We need to be willing and able to talk about our attachments to how we perceive each other, and ourselves, in our relationships and we need to be in community to do this. 

​​​​​​​Ten years ago, six of us gathered around a teacher to learn specific material in a clear host-attractor pattern. We gathered around because we were attracted to both the teacher and the material she would teach us that would nourish our individual learning journeys. She laid out clear expectations about what we would learn, how we would learn it, and what she expected of us as participants. She created the conditions for us to get to know each other as a learning community ourselves and we choose to step into this during our time with her as a host-attractor.

​​​​​​​Most learning events create a community of shared interest, where we find people ‘just like me’ for a time, and we are buoyed with a sense of belonging. When the event is over, the connection dissipates because the sense of community stemmed from identification with the host-attractor, not the community around the attractor. In its power to create community, the host-attractor energy is not long-lasting.

Most, but not all of us, chose to stay in relationship with our teacher after the training was complete and gathered regularly, as teacher and students with shared interests. After a while, the gap between teacher and students lessened and we made a transition from a host-attractor circle to a host-on-the-rim circle. Our teacher’s role changed dramatically, as did ours. We all had to remind ourselves that we were no longer looking to our teacher to organize us, host us, and teach us–we were doing that for ourselves. We all had to allow a melting away of our earlier relationship into a new one, and we spoke about it as we did it. ​​​​​​​

While the above example is a small community of 7, this phenomenon is scalar; it applies to groups of any size, including organizations and cities.

I wonder what it would mean for a city to embark on a host-as-all-of-us journey, for citizens to be in conversation with ourselves about who we want to be as a city, and what it will take to be that city? Yes, people with expertise need to be involved, but the difference is the acknowledgement that there are various kinds of expertise that need to be integrated into city intelligence and this means those expertise need to be in conversation with each other. The perspectives of the city need to be in touch with each other.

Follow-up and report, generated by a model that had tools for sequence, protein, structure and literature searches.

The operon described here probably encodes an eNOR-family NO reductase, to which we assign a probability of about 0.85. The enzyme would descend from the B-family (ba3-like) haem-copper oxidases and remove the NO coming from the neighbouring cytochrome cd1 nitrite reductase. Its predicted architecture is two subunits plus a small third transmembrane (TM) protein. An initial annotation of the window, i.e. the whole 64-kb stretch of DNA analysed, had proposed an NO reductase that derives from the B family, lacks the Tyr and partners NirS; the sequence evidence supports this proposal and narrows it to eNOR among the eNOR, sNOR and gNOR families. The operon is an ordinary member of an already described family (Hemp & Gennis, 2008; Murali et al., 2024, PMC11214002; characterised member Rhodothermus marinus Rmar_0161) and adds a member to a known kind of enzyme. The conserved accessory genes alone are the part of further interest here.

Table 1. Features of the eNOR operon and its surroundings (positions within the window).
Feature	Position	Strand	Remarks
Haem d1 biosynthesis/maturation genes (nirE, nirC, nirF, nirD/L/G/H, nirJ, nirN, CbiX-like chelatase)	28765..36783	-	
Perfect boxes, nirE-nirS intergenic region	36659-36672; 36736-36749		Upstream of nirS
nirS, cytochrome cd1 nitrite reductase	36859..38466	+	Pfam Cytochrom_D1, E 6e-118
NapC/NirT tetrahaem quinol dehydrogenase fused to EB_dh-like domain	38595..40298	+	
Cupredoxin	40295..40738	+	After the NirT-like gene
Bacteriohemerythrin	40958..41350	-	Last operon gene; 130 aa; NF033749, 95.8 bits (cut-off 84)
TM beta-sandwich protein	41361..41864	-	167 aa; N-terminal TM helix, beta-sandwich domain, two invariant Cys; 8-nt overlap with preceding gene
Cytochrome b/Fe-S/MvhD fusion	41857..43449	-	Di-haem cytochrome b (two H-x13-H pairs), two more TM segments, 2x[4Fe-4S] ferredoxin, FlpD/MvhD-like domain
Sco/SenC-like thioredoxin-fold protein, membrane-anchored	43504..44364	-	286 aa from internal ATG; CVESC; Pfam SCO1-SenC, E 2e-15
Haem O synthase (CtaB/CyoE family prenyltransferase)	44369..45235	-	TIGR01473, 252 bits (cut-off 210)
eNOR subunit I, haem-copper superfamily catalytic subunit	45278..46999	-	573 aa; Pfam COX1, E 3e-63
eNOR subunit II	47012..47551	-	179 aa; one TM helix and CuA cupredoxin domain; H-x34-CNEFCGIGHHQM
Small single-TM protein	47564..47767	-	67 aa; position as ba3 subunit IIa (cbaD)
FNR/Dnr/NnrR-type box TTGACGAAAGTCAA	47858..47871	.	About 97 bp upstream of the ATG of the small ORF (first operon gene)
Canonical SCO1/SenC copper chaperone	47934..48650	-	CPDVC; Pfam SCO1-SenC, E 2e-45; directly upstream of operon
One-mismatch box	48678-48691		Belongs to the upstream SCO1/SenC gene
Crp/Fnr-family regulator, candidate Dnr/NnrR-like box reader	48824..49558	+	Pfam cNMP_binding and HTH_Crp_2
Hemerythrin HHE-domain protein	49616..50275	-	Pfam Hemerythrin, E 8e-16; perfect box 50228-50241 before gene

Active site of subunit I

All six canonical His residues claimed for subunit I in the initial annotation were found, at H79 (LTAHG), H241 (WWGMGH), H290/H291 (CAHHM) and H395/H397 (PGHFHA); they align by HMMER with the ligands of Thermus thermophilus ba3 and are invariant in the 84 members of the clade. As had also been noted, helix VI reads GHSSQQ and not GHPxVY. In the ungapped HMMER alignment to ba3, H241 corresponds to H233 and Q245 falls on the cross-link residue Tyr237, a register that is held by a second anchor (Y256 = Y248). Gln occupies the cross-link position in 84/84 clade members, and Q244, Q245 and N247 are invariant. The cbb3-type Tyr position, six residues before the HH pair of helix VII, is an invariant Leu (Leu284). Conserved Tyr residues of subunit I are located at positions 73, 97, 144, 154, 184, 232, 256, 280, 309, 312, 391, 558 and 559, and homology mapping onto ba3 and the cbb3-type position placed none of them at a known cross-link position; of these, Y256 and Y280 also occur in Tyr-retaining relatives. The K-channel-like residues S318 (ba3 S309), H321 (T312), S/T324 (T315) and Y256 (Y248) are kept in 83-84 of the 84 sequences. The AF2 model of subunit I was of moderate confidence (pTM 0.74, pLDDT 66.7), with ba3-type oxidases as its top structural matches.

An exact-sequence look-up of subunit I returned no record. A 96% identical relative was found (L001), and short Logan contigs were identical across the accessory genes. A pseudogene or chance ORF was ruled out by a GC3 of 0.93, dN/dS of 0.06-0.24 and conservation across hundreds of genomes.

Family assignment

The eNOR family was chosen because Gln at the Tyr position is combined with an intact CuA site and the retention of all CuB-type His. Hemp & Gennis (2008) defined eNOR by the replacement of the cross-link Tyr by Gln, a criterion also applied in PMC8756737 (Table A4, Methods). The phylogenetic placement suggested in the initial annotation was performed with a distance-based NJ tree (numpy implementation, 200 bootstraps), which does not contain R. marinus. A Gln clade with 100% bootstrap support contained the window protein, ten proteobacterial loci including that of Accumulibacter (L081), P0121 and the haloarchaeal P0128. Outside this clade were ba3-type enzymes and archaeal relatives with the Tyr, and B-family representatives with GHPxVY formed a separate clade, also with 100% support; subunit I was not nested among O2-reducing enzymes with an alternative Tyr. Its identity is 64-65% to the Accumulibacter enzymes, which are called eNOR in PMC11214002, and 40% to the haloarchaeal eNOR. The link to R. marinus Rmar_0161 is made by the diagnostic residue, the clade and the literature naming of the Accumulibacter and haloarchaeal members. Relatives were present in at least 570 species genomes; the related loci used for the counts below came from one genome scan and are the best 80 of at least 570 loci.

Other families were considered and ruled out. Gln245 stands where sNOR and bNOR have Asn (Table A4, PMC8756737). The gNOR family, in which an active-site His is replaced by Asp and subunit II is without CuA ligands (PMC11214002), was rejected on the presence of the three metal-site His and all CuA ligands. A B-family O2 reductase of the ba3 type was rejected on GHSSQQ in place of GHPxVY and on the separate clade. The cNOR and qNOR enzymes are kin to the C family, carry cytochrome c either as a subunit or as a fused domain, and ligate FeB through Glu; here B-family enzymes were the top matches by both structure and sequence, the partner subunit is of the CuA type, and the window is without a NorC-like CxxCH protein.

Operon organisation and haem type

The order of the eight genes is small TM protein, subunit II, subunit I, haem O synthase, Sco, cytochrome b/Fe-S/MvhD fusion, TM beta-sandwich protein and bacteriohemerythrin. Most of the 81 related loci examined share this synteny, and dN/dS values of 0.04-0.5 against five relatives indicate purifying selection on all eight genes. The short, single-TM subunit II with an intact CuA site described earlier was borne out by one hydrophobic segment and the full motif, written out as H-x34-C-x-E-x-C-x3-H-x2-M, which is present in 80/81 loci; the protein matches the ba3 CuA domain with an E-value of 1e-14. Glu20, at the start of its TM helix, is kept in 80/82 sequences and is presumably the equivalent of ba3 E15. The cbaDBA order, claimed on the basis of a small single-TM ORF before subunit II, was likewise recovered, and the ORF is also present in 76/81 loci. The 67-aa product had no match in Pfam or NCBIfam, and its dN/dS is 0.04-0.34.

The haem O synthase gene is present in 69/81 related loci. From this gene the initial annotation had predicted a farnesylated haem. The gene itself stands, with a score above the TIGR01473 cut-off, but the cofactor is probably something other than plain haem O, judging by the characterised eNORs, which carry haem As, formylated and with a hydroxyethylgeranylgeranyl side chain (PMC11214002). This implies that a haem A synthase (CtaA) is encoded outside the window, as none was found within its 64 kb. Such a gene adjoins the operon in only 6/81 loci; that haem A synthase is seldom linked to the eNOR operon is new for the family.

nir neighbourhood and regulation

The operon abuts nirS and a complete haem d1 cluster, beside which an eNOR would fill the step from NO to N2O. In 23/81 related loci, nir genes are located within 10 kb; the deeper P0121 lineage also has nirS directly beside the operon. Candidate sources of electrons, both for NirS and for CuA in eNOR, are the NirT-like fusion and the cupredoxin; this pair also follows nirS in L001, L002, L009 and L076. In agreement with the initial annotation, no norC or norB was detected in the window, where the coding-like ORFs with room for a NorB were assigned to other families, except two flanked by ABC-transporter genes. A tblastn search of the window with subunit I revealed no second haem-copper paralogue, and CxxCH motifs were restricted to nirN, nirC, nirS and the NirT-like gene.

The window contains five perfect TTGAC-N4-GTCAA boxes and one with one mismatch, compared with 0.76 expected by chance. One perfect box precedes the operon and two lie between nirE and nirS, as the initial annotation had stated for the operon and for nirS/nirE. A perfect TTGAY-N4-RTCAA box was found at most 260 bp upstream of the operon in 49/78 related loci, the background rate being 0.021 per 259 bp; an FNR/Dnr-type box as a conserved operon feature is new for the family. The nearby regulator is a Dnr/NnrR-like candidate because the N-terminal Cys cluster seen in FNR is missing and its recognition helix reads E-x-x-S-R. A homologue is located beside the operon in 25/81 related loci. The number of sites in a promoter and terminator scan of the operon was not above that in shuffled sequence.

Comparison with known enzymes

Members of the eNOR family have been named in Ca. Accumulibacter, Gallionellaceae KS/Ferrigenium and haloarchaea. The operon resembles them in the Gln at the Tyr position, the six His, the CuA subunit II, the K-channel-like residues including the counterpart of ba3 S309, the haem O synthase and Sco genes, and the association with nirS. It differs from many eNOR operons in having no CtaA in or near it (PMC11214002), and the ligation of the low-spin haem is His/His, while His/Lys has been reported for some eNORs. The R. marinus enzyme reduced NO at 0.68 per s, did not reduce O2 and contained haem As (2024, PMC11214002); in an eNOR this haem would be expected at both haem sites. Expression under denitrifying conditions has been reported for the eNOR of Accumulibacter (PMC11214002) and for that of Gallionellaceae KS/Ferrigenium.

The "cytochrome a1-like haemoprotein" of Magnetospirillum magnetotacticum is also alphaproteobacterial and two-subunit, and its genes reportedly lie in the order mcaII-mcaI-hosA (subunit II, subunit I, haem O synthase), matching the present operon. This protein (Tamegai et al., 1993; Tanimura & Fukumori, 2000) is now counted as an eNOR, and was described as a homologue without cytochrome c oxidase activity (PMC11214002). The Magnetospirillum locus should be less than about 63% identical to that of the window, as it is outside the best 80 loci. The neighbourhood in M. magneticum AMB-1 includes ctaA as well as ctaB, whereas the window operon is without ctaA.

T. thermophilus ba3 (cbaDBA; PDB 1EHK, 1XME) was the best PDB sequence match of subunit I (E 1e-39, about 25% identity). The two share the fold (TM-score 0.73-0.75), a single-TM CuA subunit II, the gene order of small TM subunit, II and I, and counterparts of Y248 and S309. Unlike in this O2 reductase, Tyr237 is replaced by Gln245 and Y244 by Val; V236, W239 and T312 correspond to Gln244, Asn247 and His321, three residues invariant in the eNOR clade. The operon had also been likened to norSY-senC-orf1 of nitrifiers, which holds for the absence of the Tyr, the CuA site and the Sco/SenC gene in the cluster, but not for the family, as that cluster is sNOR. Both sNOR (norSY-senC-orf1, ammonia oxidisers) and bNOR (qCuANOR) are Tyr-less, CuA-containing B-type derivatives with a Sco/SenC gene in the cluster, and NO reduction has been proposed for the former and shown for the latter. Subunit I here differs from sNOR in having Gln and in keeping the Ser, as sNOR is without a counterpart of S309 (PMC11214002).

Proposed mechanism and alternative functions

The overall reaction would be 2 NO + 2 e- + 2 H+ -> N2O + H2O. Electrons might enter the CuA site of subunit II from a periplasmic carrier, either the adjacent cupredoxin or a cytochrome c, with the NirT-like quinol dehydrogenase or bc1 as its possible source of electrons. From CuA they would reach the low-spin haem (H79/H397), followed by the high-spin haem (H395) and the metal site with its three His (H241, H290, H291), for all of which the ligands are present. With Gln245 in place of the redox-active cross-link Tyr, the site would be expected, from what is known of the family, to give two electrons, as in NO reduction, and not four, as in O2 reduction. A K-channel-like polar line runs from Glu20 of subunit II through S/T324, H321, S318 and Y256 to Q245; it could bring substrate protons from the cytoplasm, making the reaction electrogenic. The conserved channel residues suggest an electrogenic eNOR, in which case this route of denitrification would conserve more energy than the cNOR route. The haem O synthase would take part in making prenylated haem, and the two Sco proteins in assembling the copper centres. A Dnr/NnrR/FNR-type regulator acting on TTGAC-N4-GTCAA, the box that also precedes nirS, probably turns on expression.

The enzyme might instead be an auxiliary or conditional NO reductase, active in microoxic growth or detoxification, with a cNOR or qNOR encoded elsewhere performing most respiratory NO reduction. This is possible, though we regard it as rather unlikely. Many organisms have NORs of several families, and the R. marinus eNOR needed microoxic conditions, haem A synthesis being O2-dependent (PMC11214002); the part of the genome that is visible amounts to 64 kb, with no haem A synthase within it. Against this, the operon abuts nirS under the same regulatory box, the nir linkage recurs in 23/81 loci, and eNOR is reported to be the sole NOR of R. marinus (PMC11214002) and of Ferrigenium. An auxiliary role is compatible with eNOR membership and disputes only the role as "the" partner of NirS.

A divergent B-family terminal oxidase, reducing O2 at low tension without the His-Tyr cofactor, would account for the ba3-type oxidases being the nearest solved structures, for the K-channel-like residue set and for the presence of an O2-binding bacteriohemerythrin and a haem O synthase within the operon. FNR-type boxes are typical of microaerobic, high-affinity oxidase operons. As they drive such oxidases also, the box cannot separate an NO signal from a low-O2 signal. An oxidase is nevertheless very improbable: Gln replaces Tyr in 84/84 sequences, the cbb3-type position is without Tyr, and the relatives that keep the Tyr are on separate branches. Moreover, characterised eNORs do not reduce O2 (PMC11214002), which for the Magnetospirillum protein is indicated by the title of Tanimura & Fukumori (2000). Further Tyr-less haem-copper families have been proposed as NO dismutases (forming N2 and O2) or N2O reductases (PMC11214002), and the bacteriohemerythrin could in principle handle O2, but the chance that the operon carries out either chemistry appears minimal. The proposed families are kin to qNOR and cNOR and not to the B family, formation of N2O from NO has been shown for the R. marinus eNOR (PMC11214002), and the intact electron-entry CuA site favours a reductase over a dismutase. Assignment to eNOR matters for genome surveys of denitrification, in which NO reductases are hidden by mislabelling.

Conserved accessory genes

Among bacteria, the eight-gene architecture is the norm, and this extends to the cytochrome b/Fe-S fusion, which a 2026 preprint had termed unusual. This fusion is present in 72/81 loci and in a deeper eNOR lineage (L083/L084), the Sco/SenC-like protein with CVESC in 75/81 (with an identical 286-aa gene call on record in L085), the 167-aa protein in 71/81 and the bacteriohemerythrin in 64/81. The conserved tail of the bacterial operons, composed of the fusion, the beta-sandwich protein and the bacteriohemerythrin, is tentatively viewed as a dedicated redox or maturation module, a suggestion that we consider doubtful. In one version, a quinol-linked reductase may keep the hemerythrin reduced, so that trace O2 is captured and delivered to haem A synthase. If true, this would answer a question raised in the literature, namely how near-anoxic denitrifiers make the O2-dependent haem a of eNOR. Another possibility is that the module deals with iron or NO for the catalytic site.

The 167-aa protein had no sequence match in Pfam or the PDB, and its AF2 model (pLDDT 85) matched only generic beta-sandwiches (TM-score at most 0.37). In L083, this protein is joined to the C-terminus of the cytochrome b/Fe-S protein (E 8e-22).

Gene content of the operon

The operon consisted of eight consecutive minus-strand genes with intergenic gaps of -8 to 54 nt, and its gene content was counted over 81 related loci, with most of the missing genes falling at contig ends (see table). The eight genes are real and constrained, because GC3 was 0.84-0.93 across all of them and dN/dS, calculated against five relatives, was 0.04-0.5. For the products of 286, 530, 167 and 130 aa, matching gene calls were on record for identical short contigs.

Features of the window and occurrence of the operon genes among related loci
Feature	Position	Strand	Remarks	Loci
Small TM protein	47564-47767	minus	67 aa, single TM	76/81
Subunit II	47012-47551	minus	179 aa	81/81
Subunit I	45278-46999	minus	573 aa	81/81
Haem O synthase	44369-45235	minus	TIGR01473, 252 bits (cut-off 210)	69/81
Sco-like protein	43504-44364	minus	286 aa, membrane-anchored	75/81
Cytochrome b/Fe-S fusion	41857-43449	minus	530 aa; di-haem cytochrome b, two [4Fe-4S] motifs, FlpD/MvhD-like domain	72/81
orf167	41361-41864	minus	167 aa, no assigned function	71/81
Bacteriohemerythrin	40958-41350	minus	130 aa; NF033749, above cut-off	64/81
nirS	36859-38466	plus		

I wonder what it would mean for a city to embark on a host-as-all-of-us journey, for citizens to be in conversation with ourselves about who we want to be as a city, and what it will take to be that city?

The shapes of our conversations, and how we host them, create social habitats that allow for–and disallow–this kind of integration. It is easy to listen to sage on the stage, for that is a comfortable pattern because it is familiar and there is less work for us to do as citizens. A city in conversation with itself does the tough work to integrate a wide range of perspectives and experiences.

A city in conversation with itself does the tough work to integrate a wide range of perspectives and experiences. 


REFLECTION

Take a moment, on a walk or with a journal, or whatever works for you and ponder these questions:

What is the default in your city? Do you show up to community events and find yourself hearing about what one or a few have to say, or do you find yourself in conversation with a variety of people with time and space to figure out what you think, and what you  have to say?  


This is the fourth post in a series about “how much of me” to put in while hosting community that wants to be in conversation with itself. The first version of this appeared in Nest City News, February 15, 2019.

  1. Host-attractor / host-on-the-rim 
  2. Roles and challenges for the host-attractor and host-on-the-rim
  3. 8 strategies to navigate power patterns
  4. A city in conversation with itself; shifting to host-as-all-of-us